An international study has observed no significant difference in risk to critically ill children who receive standard-issue red-blood-cell transfusions compared to those who receive fresh red blood cells, contrary to some hospital policies.
Published on Tuesday, the results of the Age of Blood in Children in Pediatric Intensive Care Units (ABC-PICU) randomized trial — conducted over nearly 5 years — show no significant effect of the age of transfused blood on organ dysfunction in critically ill children. The study, which was published in the Journal of the American Medical Association, is the first to examine the clinical consequences of red blood cell storage age for critically ill pediatric patients in a large, randomized trial.
Some hospitals preferentially use fresh red blood cells in critically ill pediatric patients, based on studies suggesting older red blood cells might be less efficient at oxygen delivery and adversely affect vital mechanisms in the body. The results of this study do not support this practice, which could alleviate pressure on blood banks by reducing the need for fresh red cells.
The findings agree with earlier randomized trials in critically ill newborns, children with severe anemia and adults. This will reassure healthcare practitioners that the use of the oldest blood in storage — up to 42 days old — is just as safe as fresh blood, improving the efficient use of blood banks.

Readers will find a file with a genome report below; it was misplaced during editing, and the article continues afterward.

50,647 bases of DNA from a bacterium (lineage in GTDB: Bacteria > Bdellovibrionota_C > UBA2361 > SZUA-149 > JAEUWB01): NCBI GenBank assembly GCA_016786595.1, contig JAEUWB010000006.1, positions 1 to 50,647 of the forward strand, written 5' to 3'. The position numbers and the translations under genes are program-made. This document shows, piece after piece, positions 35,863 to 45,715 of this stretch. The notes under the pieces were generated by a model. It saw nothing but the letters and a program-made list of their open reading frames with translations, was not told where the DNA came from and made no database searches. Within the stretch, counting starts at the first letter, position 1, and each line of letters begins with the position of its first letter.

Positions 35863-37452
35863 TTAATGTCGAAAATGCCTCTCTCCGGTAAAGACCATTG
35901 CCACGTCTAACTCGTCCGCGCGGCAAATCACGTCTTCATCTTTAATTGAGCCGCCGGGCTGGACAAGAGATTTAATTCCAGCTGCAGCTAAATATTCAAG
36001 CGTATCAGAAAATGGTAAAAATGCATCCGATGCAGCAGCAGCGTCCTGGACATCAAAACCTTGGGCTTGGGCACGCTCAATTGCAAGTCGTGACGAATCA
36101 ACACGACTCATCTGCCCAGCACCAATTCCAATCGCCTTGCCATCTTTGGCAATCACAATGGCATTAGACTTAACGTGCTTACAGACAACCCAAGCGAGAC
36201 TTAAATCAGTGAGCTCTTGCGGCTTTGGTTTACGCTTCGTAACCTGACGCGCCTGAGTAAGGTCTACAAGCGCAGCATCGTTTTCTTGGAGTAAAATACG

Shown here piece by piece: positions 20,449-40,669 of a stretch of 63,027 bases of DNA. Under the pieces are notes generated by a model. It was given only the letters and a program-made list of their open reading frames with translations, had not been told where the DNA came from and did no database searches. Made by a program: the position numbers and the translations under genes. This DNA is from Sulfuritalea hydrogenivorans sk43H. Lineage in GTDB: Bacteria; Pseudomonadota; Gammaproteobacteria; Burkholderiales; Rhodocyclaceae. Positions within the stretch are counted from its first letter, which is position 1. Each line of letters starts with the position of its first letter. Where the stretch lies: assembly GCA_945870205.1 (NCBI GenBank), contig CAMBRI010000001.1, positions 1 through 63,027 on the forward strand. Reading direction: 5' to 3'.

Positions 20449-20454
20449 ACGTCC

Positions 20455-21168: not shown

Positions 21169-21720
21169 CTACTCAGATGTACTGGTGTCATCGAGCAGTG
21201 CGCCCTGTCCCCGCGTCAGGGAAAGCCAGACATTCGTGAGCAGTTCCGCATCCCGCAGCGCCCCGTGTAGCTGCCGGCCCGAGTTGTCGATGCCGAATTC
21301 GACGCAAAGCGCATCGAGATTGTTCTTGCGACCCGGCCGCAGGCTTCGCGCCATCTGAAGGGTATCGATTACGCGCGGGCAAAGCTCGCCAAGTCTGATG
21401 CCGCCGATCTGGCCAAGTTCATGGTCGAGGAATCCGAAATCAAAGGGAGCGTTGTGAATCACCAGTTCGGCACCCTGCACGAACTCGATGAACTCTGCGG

In the study, 1538 intensive care patients, aged 3—16 years, were randomly allocated to groups receiving either fresh red blood cells or standard-issue, older red-blood-cell transfusions. Organ dysfunction, which the study deemed the most relevant primary outcome due to its correlation with mortality or quality of life, was monitored for 28 days after transfusion, unless patients died or were discharged.
The unadjusted risk difference for organ dysfunction between the treatment-receiving groups was 2%; this demonstrates that there were no significant differences in organ dysfunction syndrome between individuals who received fresh versus standard-issue red blood cells.
Spanning centers in the USA, Canada, France, Italy and Israel, the diversity of the study population, along with the sample size, suggests the results will be relevant to the general pediatric population.
The study’s co-principle investigator, Philip Spinella (Washington University School of Medicine; MO, USA) , noted the impact the findings may have on hospital policies: “Our findings indicate that doctors should not be afraid to use older red cells in critically ill children. Those who are showing a preference for fresh red cells might consider discontinuing this practice unless there are extenuating circumstances.”
Spinella PC, Tucci M, Fergusson DA et al. Effect of fresh vs standard-issue red blood cell transfusions on multiple organ dysfunction syndrome in critically ill pediatric patients. JAMA. 322(22); 2179—2190; (2019);